Several people were missing as the Dixie Fire, the biggest wildfire in the U.S., tore through Northern California communities, authorities said Saturday.
Details: Evacuation orders were in effect for several Sierra Nevada mountain communities, as the third-largest blaze in California’s history continued to threaten homes. Greg Hagwood, a Plumas County supervisor, said some residents under evacuation orders “who have guns” told law enforcement: “‘Get off my property and you are not telling me to leave,'” per the Los Angeles Times.
- The Pulmas County Sheriff’s Office said in a statement officers were trying to confirm the whereabouts of five people, two of whom had been reported safe but no official contact was made.
- Four are residents from the fire-devastated Greenville, the other from Chester. Both Plumas County towns have in recent days been threatened by the blaze. The damage to buildings in Greenville has been particularly bad.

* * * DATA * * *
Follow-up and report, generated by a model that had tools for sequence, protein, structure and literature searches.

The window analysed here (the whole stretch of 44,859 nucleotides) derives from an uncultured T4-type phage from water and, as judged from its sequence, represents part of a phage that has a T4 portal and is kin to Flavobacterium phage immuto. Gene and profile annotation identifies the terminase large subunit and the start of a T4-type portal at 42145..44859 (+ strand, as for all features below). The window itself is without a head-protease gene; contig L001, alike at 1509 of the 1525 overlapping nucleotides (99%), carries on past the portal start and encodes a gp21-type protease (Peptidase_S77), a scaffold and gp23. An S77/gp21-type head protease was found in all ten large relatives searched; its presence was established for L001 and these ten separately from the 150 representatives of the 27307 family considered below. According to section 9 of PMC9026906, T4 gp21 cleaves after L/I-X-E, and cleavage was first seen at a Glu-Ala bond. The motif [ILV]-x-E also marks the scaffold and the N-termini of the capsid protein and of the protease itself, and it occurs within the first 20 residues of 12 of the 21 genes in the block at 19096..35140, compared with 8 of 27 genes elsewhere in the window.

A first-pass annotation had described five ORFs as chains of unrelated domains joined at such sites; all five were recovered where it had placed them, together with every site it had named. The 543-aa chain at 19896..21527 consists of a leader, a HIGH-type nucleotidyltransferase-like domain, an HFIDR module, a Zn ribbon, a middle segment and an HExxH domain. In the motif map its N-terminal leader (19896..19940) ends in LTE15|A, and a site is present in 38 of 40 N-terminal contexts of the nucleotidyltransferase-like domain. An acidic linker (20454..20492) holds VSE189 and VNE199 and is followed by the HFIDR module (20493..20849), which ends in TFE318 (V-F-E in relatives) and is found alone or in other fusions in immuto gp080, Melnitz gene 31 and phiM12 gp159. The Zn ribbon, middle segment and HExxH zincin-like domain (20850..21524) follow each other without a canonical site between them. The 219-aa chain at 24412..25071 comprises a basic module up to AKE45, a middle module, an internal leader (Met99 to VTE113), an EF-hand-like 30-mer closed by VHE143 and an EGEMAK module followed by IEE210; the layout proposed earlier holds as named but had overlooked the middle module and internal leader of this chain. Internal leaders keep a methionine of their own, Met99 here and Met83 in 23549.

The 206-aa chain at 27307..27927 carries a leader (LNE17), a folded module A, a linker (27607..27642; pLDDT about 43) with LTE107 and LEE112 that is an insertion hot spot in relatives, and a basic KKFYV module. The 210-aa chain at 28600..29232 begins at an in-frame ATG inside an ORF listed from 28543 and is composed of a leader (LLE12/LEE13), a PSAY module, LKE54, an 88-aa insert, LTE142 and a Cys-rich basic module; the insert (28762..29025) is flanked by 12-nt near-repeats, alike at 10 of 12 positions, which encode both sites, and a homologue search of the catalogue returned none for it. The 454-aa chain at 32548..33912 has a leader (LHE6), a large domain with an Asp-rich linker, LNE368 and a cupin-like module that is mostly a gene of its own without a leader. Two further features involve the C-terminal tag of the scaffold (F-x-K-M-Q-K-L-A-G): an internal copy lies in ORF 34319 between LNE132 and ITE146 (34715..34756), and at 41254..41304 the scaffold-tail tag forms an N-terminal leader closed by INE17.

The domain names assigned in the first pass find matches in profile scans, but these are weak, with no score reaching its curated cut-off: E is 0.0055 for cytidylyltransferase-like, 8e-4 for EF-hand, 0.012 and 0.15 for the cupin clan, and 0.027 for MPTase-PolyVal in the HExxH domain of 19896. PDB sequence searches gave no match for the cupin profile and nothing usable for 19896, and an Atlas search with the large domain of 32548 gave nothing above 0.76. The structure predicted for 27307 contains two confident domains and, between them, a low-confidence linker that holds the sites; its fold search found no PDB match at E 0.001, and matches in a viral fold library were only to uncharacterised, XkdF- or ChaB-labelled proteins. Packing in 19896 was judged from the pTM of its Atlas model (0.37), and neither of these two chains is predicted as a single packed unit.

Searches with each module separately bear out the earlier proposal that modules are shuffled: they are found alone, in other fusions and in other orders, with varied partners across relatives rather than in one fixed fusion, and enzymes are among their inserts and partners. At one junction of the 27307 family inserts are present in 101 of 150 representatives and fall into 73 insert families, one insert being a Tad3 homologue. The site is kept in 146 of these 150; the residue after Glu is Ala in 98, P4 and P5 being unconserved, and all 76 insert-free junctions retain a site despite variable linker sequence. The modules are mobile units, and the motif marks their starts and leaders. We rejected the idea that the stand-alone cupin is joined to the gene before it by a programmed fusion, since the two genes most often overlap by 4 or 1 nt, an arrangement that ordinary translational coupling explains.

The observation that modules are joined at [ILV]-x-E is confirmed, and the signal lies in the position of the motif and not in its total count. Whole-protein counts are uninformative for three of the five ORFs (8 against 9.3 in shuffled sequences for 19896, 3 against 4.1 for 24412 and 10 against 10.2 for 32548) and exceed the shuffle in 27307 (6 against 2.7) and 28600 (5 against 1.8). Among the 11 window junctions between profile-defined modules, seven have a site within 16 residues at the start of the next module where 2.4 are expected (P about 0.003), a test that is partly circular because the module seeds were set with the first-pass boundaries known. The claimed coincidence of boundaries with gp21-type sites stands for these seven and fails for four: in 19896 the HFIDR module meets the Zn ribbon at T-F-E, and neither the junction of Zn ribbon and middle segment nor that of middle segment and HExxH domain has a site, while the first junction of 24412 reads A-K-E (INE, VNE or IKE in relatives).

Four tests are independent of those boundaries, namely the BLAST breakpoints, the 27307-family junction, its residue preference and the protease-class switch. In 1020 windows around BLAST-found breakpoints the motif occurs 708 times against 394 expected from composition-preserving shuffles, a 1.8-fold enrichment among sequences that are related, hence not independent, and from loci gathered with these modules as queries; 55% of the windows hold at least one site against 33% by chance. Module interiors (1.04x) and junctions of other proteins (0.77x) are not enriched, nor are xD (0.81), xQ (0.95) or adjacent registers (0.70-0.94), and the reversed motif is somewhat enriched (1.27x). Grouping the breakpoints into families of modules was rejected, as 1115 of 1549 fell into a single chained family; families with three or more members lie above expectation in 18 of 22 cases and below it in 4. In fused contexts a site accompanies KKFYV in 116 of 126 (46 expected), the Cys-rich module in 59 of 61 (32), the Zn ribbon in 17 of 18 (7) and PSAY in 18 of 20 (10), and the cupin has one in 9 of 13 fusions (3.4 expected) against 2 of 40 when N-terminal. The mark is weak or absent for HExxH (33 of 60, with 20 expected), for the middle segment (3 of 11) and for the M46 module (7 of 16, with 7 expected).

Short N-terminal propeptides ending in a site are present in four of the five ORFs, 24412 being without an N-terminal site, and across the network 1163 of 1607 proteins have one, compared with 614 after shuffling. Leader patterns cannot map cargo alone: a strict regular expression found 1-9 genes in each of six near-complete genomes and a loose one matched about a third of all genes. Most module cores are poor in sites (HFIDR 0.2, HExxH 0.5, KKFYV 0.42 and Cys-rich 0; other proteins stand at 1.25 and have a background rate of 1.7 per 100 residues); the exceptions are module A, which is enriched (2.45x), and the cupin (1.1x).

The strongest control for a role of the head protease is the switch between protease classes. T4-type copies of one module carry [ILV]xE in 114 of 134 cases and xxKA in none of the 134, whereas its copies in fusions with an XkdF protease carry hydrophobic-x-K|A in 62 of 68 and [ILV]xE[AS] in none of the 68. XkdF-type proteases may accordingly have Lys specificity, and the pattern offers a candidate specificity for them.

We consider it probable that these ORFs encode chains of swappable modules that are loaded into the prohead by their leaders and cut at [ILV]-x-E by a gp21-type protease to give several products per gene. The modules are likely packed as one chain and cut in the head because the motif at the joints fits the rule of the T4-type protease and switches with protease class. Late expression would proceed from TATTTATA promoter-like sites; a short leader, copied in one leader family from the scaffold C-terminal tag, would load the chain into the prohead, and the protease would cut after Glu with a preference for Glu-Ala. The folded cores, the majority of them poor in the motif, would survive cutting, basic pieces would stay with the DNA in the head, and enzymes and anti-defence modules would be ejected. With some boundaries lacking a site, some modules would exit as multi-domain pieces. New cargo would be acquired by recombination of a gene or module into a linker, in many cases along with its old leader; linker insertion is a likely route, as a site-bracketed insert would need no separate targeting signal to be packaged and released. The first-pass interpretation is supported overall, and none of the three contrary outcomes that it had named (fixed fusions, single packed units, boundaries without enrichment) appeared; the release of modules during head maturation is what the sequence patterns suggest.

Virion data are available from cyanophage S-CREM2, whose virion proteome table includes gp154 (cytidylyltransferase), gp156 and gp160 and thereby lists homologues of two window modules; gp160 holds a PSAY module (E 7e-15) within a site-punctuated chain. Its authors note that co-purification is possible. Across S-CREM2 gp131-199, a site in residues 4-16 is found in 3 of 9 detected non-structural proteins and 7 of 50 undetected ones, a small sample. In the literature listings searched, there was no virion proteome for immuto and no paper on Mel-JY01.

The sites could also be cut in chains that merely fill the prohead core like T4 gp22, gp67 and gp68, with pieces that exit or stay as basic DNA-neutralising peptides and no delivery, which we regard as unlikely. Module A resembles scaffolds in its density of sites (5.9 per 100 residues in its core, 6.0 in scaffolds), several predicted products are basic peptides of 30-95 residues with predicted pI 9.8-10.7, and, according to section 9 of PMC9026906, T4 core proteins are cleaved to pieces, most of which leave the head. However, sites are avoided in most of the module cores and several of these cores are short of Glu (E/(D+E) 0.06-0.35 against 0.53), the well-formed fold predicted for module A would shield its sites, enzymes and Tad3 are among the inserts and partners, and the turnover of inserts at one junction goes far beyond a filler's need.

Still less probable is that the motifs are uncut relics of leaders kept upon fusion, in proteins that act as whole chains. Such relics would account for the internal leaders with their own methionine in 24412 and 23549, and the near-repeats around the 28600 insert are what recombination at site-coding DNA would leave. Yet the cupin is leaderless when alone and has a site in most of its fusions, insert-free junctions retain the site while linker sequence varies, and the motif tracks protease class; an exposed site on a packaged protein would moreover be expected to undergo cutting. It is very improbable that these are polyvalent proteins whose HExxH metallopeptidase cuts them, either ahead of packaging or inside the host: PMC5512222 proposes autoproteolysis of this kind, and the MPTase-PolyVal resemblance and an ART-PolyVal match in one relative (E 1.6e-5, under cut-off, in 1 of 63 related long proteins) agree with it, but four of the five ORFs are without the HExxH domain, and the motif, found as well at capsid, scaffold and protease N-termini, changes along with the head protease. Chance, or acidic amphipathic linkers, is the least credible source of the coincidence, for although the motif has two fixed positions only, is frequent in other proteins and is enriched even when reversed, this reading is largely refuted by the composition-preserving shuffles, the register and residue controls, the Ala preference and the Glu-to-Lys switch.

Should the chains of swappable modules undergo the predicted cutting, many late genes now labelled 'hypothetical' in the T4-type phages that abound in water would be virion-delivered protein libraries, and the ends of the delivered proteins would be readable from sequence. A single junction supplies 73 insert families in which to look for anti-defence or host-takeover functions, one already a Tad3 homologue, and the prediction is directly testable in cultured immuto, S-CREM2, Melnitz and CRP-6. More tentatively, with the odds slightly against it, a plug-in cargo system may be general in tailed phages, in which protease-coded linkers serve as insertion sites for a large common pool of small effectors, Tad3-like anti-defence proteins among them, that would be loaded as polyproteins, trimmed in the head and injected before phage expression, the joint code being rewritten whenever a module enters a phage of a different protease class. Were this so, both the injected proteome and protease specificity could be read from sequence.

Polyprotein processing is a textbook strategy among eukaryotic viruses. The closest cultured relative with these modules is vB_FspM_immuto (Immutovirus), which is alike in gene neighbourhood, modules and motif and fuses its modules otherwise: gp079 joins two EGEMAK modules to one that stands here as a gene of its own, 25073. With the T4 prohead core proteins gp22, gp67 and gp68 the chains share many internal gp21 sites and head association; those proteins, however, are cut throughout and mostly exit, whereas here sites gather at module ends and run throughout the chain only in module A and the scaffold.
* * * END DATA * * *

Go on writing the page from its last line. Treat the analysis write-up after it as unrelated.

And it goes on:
- The fire was also raging across Butte, Lassen, and Tehama counties.
Threat level: Fire activity in the west zone overnight was “minimal due to smoke inversion and better overnight relative humidity recovery,” per a statement from Cal Fire.
- But “fuel moisture remains historically low and has caused difficulty in suppressing the fire spread,” the statement added.
- In the east, cooler temperatures, better relative humidity and calmer winds “significantly reduced fire behavior,” enabling firefighters to complete structural protection efforts, according to Cal Fire.
By the numbers: The Dixie Fire has burned across almost 447,000 acres and was 21% contained as of Saturday.
- Cal Fire said Saturday that 184 structures had been confirmed destroyed, including over 40 overnight. Most of the damage was in the Gold mining-era town of Greenville.
- Chester saw eight buildings destroyed or damaged.
- Studies show human-caused climate change is driving an increase in the likelihood and severity of heat waves and droughts and, consequently, wildfires, Freedman notes.